Broadly neutralizing antibodies (bNAbs) are able to prevent HIV infection following passive administration. Single-chain variable fragments (scFv) may have advantages over IgG as their smaller size permits improved diffusion into mucosal tissues. We have previously shown that scFv of bNAbs retain significant breadth and potency against cell-free viral transmission in a TZM-bl assay. However, scFv have not been tested for their ability to block cell-cell transmission, a model in which full-sized bNAbs lose potency. We tested four scFv (CAP256.25, PGT121, 3BNC117, and 10E8v4) compared to IgG, in free-virus and cell-cell neutralization assays in A3.01 cells, against a panel of seven heterologous viruses. We show that free-virus neutralization titers in the TZM-bl and A3.01 assays were not significantly different and confirm that scFv show a 1- to 32-fold reduction in activity in the cell-free model, compared to IgG. However, whereas IgG shows 3.4- to 19-fold geometric mean potency loss in cell-cell neutralization compared to free-virus transmission, scFv had more comparable activity in the two assays, with only a 1.3- to 2.3-fold reduction. Geometric mean 50% inhibitory concentration (IC50) of scFv for cell-cell transmission ranged from 0.65 μg/mL (10E8v4) to 2.3 μg/mL (3BNC117), with IgG and scFv neutralization showing similar potency against cell-associated transmission. Therefore, despite the reduced activity of scFv in cell-free assays, their retention of activity in the cell-cell format may make scFv useful for the prevention of both modes of transmission in HIV prevention studies. IMPORTANCE Broadly neutralizing antibodies (bNAbs) are a major focus for passive immunization against HIV, with the recently concluded HVTN Antibody Mediated Protection trial providing proof of concept. Most studies focus on cell-free HIV; however, cell-associated virus may play a significant role in HIV infection, pathogenesis, and latency. Single-chain variable fragments (scFv) of antibodies may have increased tissue penetration and reduced immunogenicity. We previously demonstrated that scFv of four HIV-directed bNAbs (CAP256.25, PGT121, 3BNC117, and 10E8v4) retain significant potency and breadth against cell-free HIV. As some bNAbs have been shown to lose potency against cell-associated virus, we investigated the ability of bNAb scFv to neutralize this mode of transmission. We demonstrate that unlike IgG, scFv of bNAbs are able to neutralize cell-free and cell-associated virus with similar potency. These scFv, which show functional activity in the therapeutic range, may therefore be suitable for further development as passive immunity for HIV prevention.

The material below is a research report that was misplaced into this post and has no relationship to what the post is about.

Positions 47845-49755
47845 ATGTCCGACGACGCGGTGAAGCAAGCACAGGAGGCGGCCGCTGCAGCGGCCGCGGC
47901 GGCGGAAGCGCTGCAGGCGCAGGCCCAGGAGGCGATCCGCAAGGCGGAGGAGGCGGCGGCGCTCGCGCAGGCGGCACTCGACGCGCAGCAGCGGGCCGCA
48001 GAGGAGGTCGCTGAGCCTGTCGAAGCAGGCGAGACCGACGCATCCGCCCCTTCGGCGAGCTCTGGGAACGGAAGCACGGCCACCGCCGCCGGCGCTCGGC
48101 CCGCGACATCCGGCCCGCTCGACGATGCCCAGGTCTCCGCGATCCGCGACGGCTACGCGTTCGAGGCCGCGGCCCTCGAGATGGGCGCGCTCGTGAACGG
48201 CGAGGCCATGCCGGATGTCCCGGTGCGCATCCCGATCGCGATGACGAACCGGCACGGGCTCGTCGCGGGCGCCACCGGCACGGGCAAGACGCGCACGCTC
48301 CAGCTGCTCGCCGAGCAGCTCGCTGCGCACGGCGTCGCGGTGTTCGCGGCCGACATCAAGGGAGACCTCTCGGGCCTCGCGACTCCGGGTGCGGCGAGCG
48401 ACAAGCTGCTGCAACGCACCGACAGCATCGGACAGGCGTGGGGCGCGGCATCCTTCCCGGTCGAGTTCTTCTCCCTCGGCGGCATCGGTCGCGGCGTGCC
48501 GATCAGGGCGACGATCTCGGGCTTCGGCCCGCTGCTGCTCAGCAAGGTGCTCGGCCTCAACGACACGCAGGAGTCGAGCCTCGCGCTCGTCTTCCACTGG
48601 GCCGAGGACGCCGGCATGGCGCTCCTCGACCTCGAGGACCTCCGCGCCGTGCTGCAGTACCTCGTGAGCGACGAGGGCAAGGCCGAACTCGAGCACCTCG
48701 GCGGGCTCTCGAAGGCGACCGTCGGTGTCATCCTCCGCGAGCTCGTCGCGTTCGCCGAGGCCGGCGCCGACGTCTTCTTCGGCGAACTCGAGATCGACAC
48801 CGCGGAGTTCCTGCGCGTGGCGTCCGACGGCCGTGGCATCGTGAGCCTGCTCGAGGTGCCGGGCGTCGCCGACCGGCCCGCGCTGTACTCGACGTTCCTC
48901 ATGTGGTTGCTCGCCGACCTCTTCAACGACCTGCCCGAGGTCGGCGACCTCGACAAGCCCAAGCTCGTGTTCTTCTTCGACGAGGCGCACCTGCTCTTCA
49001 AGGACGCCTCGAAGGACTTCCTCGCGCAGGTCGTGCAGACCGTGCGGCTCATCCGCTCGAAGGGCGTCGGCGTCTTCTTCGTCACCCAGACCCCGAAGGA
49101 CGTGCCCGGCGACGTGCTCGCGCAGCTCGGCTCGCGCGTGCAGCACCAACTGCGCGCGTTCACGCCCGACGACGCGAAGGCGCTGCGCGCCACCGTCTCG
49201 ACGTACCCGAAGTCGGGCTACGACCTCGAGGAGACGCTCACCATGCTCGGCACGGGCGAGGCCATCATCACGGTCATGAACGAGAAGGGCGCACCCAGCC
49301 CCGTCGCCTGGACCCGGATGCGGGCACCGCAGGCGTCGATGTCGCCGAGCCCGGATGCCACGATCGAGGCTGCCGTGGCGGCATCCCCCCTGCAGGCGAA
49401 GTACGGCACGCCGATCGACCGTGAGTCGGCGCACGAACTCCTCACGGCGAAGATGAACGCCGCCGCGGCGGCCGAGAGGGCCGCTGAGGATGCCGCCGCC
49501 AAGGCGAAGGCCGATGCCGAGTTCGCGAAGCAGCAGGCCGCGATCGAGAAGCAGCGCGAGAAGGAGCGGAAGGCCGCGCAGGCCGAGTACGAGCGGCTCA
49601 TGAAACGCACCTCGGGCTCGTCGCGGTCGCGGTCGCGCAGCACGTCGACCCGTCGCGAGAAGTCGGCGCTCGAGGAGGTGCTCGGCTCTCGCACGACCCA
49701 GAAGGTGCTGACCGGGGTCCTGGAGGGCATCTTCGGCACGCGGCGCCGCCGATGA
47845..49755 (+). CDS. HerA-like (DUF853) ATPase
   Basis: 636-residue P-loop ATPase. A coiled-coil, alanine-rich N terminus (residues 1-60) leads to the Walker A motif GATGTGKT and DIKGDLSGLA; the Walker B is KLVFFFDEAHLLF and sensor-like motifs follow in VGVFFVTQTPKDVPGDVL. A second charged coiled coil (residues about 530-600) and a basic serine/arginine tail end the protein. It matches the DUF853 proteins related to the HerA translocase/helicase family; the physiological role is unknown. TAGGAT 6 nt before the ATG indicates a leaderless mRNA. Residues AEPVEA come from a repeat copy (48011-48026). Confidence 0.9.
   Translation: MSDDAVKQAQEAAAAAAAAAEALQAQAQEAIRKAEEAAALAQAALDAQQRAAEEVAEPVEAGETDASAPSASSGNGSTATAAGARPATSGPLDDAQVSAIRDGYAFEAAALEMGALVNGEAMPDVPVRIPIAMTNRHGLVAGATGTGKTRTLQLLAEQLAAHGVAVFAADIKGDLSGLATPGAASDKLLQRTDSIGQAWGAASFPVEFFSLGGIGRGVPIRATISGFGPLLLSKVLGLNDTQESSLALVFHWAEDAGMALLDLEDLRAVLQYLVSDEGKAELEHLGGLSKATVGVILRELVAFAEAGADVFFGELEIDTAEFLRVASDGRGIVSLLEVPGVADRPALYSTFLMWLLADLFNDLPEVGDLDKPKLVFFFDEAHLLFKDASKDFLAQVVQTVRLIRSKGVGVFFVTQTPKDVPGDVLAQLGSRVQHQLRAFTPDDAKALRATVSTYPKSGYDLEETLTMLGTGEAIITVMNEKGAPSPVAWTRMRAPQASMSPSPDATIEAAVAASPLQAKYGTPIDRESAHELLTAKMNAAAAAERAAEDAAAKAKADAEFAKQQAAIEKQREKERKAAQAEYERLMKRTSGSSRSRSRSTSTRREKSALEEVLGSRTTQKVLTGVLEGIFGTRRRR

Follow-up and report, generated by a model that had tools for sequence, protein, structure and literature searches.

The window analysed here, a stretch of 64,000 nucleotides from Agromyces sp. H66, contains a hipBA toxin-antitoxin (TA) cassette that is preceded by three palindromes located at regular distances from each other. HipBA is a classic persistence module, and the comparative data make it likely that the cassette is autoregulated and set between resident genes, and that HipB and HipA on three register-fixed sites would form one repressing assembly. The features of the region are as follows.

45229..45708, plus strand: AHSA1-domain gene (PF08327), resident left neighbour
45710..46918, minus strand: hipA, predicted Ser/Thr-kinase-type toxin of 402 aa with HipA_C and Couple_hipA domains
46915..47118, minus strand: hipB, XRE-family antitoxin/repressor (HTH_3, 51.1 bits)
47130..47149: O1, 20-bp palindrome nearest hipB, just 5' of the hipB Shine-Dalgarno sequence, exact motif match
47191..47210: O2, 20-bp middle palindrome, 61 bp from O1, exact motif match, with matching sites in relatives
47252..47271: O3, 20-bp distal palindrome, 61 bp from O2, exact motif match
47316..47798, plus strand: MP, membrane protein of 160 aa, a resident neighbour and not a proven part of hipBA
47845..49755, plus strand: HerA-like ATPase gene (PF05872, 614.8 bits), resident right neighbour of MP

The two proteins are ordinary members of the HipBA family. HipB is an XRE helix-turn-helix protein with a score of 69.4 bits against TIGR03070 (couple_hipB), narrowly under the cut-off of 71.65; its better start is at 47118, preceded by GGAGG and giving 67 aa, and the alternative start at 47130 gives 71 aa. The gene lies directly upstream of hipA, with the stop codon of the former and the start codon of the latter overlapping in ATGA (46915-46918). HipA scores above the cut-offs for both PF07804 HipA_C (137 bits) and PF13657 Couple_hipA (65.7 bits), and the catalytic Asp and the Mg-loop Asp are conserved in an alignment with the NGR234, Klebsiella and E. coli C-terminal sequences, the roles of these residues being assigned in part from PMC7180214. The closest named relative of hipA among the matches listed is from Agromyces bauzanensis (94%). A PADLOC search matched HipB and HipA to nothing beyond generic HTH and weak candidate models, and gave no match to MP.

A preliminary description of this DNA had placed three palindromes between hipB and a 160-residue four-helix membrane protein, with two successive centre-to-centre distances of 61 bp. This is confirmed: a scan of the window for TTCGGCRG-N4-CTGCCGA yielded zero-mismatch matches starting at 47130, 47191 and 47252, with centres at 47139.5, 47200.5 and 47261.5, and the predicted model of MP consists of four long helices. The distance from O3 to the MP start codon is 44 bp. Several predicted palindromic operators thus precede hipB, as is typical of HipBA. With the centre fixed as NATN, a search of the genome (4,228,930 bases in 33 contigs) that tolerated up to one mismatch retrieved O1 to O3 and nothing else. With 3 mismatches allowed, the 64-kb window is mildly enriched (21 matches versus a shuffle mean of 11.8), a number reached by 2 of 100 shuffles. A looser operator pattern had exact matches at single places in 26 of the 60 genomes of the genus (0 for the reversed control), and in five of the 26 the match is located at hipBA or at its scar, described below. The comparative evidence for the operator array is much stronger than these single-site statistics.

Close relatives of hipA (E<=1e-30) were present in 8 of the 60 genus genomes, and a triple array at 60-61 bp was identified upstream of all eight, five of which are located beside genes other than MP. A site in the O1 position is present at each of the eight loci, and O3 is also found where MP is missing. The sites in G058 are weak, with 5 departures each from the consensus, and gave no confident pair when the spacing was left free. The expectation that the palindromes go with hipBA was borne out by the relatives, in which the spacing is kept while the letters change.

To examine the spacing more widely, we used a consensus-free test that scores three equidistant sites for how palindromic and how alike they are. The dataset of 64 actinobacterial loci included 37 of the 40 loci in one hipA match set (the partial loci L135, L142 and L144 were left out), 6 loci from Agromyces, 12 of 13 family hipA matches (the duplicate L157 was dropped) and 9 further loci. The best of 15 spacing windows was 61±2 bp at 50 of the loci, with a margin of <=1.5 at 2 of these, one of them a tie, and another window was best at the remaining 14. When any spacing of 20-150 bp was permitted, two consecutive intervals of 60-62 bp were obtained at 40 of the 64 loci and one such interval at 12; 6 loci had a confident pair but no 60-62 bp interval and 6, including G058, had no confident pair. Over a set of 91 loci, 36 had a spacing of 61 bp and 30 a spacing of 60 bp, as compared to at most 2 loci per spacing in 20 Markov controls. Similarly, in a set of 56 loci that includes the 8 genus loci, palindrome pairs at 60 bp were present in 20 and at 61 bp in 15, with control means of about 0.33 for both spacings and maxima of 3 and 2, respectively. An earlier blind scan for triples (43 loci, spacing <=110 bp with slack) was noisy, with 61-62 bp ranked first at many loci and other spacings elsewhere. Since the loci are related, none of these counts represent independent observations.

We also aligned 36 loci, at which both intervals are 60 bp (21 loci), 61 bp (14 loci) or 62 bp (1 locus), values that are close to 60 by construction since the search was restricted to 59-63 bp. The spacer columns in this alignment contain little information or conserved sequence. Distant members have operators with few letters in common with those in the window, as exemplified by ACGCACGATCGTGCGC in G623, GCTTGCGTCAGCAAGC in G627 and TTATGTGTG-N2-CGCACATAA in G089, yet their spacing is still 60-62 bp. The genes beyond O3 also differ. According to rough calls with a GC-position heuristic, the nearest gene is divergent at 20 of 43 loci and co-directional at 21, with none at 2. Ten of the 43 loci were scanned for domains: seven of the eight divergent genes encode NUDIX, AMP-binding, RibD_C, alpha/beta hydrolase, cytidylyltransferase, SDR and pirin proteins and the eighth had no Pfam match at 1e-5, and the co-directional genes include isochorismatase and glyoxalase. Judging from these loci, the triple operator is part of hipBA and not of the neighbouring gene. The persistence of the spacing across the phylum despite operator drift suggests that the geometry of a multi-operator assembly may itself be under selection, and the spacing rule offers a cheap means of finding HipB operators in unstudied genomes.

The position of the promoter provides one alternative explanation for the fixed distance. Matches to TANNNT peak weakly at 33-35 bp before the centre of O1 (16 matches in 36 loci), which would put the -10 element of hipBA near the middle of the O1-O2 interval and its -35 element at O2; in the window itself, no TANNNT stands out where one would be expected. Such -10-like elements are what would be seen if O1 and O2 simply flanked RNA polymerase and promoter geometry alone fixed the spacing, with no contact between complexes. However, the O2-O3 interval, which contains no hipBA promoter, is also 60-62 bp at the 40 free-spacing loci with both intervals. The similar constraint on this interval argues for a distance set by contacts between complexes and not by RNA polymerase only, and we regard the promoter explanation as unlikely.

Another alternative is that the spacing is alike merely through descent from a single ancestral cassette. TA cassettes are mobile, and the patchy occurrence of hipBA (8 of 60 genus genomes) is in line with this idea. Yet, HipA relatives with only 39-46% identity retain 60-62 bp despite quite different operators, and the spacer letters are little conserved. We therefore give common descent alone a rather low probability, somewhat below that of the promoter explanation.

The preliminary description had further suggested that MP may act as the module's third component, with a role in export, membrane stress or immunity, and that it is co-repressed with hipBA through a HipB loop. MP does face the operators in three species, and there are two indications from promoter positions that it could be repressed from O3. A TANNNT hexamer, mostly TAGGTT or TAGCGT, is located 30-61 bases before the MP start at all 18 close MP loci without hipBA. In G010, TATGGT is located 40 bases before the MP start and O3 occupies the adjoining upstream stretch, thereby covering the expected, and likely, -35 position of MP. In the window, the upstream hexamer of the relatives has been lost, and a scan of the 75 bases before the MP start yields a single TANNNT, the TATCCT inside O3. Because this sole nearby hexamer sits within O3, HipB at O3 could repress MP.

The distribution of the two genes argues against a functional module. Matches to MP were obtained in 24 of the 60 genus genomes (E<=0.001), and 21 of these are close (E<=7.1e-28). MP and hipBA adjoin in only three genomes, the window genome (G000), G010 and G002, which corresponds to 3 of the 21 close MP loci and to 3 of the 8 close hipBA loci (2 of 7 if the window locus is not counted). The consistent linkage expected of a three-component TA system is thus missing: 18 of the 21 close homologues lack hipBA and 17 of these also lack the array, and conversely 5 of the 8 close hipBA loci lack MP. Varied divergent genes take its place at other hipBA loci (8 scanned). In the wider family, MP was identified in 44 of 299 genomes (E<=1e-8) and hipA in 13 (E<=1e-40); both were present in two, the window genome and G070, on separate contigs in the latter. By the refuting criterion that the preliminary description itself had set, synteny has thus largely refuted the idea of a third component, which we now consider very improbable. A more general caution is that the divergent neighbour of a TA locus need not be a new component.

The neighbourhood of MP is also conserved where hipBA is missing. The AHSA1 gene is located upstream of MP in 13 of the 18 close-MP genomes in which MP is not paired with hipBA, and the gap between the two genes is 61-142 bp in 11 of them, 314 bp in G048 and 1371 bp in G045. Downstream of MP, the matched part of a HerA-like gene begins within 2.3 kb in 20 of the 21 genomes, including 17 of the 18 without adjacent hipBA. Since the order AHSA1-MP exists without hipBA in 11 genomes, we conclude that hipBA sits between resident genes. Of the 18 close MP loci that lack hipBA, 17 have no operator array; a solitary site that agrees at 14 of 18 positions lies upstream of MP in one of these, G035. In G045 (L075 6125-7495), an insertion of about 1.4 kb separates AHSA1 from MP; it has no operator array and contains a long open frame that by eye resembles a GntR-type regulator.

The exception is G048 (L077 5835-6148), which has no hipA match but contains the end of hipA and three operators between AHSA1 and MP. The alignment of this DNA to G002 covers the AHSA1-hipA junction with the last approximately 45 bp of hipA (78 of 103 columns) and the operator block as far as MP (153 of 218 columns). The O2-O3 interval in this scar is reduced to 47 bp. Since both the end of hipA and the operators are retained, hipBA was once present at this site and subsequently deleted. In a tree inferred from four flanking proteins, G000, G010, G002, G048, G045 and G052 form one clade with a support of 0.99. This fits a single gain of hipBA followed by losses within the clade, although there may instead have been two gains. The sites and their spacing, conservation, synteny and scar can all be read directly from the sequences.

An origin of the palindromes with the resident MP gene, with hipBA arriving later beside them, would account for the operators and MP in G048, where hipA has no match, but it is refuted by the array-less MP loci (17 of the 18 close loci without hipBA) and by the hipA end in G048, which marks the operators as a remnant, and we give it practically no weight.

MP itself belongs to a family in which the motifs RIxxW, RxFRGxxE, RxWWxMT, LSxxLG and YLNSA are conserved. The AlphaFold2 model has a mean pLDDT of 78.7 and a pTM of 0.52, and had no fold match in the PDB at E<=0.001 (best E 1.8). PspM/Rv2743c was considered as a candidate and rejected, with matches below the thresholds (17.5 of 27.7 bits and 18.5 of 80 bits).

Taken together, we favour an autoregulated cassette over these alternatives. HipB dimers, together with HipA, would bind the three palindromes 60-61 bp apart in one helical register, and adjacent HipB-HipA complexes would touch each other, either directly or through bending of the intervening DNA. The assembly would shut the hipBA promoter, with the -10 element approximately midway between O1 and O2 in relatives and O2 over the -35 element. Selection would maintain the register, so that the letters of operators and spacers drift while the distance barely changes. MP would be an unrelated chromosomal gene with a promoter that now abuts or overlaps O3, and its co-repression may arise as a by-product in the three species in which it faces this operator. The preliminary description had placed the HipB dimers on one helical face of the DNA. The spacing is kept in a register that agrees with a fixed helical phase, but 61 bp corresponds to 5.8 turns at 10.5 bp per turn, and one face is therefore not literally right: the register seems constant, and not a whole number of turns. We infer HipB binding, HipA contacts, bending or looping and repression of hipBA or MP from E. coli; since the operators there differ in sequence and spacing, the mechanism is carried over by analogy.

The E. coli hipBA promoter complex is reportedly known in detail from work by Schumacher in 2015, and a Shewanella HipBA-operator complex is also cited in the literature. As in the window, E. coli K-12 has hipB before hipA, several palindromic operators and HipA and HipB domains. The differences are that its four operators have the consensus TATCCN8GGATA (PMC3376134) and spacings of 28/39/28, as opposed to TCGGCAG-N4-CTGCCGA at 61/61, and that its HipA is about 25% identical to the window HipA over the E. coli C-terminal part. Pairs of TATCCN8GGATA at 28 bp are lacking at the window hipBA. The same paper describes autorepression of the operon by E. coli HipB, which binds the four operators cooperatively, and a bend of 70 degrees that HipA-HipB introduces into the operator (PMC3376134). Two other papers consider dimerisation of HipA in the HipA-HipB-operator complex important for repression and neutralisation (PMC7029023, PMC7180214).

Keywords: HIV; broadly neutralizing antibodies; cell-associated transmission; free-virus transmission; scFv.